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Mason County News
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Family Times
Wednesday, September 29, 2010 • Posted September 29, 2010

I’ve been working with the afterschool program on a Spit Tobacco Prevention class series, and it brought it to my attention to the fact that people often have the mindset that spit tobacco isn’t as dangerous as smoking. While it’s great that no one else in your family has to suffer the consequences of secondhand smoke when you dip, dipping is VERY dangerous because the product directly touches your skin. If you do dip, please do oral checks regularly so you can catch any sores that may form early on.

The fact is that all tobacco products contain nicotine, which is very addictive. According to the Mayo Clinic, some spit tobacco products contain additives that increase the rate at which nicotine is absorbed into the body. There is not a safe alternative when it comes to the use of tobacco products. All tobacco use is risky and may cause cancer, as well as other diseases.

For spit tobacco users who want to quit, one of the first things to do to reach that goal is to make a plan and list reasons for quitting. They need to review the daily habits of their spit tobacco use and then recognize how they will need to change their routine. Seeking support from family, friends, or co-workers is also important. It is good to talk with a doctor, dentist, pharmacist, or a health professional to learn about products such as nicotine replacement therapies (NRTs) such as gum, patches, lozenges, and medications. It is important to check with the health professional to get the proper dosage for these products. Because of the high amounts of nicotine in spit tobacco compared to cigarettes, the recommended nicotine replacement therapy doses may need to differ depending on the amount used and the length of time a person has used spit tobacco. Another way to get information and help is to call 1-800-QUIT-NOW, which is a clinically proven, free telephone-based counseling program sponsored by the American Cancer Society.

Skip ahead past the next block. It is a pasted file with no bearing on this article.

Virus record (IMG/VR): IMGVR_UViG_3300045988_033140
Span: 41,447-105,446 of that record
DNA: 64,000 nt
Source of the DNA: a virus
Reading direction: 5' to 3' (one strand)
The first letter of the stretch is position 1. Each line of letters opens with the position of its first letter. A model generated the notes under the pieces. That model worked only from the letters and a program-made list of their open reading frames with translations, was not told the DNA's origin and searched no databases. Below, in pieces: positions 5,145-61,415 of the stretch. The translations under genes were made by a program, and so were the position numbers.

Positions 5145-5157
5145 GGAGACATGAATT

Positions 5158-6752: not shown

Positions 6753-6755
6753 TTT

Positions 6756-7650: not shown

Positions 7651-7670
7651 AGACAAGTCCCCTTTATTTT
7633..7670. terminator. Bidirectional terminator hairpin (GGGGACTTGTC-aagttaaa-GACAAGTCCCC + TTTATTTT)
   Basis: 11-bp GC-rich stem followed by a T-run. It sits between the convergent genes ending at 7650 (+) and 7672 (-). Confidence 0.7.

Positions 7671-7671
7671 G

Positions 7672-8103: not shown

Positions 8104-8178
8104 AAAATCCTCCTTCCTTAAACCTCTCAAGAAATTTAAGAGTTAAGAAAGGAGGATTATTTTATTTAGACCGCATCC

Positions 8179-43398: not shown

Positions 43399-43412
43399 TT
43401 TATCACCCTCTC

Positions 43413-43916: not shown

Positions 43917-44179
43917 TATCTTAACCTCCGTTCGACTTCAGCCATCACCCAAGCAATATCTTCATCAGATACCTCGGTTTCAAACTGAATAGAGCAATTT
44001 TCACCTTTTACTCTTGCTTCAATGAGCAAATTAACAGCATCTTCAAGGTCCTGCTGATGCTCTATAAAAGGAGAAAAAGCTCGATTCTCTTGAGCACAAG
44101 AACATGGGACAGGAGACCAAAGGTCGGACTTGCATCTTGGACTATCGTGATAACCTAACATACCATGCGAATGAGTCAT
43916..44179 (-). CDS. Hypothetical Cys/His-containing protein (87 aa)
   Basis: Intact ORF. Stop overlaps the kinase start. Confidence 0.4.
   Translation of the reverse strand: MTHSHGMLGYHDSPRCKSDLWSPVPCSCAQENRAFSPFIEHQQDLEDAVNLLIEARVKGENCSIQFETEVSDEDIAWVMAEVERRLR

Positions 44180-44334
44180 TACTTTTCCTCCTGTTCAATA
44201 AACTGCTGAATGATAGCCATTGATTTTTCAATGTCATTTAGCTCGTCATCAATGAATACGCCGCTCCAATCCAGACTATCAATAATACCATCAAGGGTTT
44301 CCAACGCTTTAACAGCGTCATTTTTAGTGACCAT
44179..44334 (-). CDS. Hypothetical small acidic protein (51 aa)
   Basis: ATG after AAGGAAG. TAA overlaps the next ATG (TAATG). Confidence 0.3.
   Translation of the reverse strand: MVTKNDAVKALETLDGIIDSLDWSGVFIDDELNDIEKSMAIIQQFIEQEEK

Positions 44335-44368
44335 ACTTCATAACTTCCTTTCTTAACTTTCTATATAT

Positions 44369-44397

One of the best reasons for quitting is to reduce the risks of getting oral cancer. Spit tobacco users may request that their dentist do an oral exam to check for signs of cancer. If a person continues to use spit tobacco products, they should check monthly for damage to their teeth, gums, tongue, and surrounding tissue. There could be early warning signs of cancer. To do your own oral screening, you need a mirror and good lighting. Then follow these steps:

* Look in the mirror. Check to see if both sides of your face andneck look the same. Gently press your jawbone to feel for lumps.

* Pull down your lower lip. Check to see if there are white or red patches or sores that bleed easily. Are there any signs of irritation, like tenderness, burning, or a sore that will not heal? Look very carefully at the spot where you place your tobacco. Are there any color changes or rough areas? Squeeze your lip and cheek between your fingers. Are there bumps or soreness?

* Tilt your head back, and open wide. Do you see any discoloration, sores, bumps, or swelling?

* To check the floor of your mouth, put the tip of your tongue on the roof of your mouth. With one finger, press around the floor of your mouth. Do you feel sores, bumps, or swelling?

* Stick your tongue out. Grab it with a clean piece of cloth or a paper towel. Move your tongue from side to side. Do you see any color changes or bumps?

If you recognize any of these signs, see a dentist or doctor right away, and let them know you use spit tobacco.

It is not unusual for a person to quit many times before becoming a non-chewer. When trying to quit, don't get discouraged, and don*t give up. Everyday habits can be hard to change, but the results will be worth it.

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